How the White House Killed Congressional Oversight of Covert Activities

In 1987, Ronald Reagan received tentative praise for strengthening oversight of intelligence activities and covert actions in the wake of Iran-Contra. After negotiating with Congress, the President agreed to a new set of standards and began working on officially implementing them. Among other things, he would be required to notify the Congress of covert activities within no more than two working days. This was partially done to prevent something like the Iran-Contra scandal from happening again. A declassified memo from the President’s lawyer reveals that the agreement, letter to Congress and subsequent National Security Decision Directive were toothless mirages. These political maneuvers were meant to reassure Congress and the public without closing the loopholes that helped spawn the Iran-Contra scandal.

In theory, there’s long been a requirement for the President to authorize covert activities through Presidential Findings and to then keep Congress informed. In practice, these policies had allowed for covert action and intelligence activities to be undertaken without Congressional notification or oversight. These loopholes allowed the President, CIA and the NSC to sidestep the reporting requirements in their support of the Contras. The passage of the Boland Amendment(s) served only to drive this support further into covert territory as the Congress was cut completely out of the loop. After this was eventually discovered, Congress and the American people demanded more transparency. However, the Reagan administration remained determined to maintain their authority to bypass the resulting guidelines, and schemed to undermine the restrictions through political and legal maneuvering.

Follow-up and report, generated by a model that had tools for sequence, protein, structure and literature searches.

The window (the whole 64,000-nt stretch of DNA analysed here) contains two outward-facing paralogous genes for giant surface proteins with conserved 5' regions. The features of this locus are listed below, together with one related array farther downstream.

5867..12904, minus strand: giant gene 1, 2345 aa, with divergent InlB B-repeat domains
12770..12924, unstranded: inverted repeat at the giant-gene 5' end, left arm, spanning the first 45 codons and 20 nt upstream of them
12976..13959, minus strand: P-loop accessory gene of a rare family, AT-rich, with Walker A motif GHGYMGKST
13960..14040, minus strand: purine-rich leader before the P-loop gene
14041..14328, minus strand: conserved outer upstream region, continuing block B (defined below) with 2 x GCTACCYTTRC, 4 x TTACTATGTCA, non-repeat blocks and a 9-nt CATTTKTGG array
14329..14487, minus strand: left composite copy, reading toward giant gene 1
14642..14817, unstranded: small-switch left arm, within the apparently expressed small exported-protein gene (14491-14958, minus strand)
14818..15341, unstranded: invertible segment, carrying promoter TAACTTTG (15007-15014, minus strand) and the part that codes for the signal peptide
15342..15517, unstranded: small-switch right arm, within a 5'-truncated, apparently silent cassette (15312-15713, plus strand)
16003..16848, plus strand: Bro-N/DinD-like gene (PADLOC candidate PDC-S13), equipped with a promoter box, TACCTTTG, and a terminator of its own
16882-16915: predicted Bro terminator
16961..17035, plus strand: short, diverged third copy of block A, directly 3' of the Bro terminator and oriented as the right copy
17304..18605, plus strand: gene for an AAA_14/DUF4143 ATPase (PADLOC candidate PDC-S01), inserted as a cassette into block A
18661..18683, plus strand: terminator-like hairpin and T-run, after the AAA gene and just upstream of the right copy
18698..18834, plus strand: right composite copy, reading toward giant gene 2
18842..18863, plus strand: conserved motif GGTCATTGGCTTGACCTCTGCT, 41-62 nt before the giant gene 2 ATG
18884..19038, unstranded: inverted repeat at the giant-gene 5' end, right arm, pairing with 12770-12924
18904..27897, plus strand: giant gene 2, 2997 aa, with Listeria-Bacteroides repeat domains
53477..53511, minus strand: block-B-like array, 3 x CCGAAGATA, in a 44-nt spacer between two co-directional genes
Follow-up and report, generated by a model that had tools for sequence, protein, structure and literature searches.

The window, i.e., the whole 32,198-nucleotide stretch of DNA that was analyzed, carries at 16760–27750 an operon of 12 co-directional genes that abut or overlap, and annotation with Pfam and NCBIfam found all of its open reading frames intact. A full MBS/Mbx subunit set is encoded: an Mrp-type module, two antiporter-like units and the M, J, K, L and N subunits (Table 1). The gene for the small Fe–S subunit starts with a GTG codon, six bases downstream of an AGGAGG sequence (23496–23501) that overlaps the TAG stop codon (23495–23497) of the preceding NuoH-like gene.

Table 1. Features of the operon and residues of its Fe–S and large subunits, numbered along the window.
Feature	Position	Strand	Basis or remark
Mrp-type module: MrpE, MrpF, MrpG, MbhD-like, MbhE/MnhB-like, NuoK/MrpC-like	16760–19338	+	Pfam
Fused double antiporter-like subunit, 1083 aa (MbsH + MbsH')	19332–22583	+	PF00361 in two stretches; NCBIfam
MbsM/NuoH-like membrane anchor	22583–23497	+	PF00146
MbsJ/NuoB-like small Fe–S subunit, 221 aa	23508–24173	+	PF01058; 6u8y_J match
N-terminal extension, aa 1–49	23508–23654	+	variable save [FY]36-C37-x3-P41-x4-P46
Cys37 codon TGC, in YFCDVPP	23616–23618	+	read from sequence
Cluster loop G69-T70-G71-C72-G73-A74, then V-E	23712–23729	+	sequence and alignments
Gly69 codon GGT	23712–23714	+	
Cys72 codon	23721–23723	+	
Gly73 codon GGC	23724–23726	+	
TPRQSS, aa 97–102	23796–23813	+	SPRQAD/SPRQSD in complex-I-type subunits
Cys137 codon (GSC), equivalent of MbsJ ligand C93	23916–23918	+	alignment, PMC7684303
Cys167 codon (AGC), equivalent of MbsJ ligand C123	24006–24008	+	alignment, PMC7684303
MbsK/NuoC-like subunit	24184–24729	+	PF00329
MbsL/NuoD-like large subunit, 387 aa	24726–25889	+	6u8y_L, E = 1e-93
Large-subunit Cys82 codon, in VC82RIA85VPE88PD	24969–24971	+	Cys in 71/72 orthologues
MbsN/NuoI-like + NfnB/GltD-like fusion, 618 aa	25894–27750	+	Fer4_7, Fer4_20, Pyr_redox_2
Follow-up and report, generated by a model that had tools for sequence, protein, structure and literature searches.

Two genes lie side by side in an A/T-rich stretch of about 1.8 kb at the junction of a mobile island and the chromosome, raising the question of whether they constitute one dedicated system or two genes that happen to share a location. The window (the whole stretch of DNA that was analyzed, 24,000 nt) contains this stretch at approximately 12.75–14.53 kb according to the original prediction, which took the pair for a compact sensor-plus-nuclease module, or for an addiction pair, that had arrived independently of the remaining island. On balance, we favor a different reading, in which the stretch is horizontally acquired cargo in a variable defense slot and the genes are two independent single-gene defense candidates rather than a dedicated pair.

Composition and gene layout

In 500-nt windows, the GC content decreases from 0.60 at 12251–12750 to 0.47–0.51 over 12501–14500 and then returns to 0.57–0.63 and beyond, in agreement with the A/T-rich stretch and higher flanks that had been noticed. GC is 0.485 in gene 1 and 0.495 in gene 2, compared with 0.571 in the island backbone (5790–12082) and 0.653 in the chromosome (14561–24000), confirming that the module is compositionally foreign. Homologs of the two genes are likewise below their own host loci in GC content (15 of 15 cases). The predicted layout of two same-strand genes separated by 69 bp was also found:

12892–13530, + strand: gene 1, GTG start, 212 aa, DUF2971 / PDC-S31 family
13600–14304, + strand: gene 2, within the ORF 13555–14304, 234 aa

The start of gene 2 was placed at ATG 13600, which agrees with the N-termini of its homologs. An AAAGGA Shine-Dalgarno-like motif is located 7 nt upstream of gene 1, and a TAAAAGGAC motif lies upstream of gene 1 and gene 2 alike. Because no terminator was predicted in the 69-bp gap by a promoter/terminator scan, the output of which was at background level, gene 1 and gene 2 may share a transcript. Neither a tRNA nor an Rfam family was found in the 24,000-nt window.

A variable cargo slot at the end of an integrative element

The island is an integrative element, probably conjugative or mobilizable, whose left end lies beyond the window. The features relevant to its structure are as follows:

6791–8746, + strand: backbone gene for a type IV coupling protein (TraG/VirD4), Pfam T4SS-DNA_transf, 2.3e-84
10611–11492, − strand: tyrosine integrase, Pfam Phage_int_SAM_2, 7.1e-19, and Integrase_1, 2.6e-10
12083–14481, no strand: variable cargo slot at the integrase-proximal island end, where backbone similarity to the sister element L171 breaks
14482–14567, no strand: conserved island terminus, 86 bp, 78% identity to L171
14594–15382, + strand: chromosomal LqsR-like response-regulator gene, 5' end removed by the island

Iran-Contra and The Hughes-Ryan Loophole

Following the scandals of the Nixon administration, including Watergate and the wars in Southeast Asia, the public demanded more accountability. Congress agreed and passed new requirements for oversight. The Hughes-Ryan Act required that covert actions be authorized by Presidential Findings and that Congress be notified. However, this didn’t prevent the President from including a determination in one of his findings that Congress not be notified of CIA arms sales to Iran in part of what became the Iran-Contra scandal. According to Reagan’s lawyers, it also allowed for the President to opt-out of Congressional notification for “activities intended solely for obtaining necessary intelligence. This is one of the loopholes that allowed the Reagan administration to delay their notifying Congress about certain aspects of the Iran-Contra scandal, as the law didn’t specify any time limit on notification.